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The BP oil rig explosion and subsequent oil spill killed eleven people and hundreds of thousands of sea creatures that formed a substantial part of the Gulf economy.
Rumor has it that the joint task force encompassing the Department of Justice's environmental and criminal divisions are currently determining who to hold responsible for those deaths. Talks are in the works to decide whether to bring manslaughter and perjury charges against the company and managers who oversaw the Deepwater Horizon oil rig.
The investigation is reportedly still in its infancy, but that BP manslaughter charges are a definite possibility, reports the Associated Press.
If BP manslaughter charges are sought, they will be of the involuntary variety. To prove involuntary manslaughter, which usually carries a maximum sentence of 10 years, prosecutors will only have to show that decision makers were reckless or criminally negligent towards the safety of employees stationed on the oil rig.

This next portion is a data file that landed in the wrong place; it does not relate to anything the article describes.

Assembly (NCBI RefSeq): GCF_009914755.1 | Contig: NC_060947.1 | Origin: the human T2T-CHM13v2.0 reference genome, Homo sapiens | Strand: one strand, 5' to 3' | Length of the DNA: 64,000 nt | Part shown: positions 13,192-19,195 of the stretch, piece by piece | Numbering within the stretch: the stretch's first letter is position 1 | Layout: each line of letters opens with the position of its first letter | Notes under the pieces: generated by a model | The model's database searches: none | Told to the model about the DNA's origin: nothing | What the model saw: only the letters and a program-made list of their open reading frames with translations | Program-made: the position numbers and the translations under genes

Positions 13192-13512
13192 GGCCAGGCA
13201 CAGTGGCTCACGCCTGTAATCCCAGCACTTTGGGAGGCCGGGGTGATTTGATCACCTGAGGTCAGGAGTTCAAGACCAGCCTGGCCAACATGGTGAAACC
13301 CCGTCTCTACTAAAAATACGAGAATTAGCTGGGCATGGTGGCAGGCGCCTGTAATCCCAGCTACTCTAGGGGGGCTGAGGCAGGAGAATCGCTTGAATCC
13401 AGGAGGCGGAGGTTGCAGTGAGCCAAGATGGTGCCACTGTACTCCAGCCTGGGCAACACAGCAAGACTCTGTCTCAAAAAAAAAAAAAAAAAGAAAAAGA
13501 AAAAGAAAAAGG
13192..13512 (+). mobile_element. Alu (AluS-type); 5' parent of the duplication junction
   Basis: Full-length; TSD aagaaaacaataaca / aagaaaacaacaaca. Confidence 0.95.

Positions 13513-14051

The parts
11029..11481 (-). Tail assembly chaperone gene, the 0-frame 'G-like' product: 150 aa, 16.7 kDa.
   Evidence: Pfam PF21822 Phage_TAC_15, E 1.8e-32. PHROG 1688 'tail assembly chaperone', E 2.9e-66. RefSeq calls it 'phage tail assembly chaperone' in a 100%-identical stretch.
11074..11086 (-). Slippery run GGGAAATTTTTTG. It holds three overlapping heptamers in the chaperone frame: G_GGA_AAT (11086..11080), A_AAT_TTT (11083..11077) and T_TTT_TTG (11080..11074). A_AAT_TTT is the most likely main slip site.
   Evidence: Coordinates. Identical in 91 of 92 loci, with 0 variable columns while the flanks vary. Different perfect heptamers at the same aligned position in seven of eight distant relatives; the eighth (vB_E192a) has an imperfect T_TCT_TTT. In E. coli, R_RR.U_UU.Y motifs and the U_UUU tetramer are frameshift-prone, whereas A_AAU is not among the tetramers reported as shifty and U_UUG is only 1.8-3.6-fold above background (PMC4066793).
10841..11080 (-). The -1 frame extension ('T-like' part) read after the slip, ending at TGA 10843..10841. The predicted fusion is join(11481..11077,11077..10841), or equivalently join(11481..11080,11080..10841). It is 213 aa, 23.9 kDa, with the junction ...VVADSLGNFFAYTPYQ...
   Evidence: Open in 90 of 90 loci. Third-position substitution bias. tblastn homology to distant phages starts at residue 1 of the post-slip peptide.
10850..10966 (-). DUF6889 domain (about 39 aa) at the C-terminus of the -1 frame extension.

In other words, before filing BP manslaughter charges, the Department of Justice will need to feel confident that it has sufficient evidence to show that managers knew that the rig was unsafe. Compiling this evidence may take months or years.
As for the perjury charges, the Associated Press also reports that Attorney General Eric Holder is looking into whether BP executives lied under oath during the congressional investigation into the oil spoil. Perjury charges are likely to be easier to prove, but result in a significantly lower sentence than involuntary manslaughter.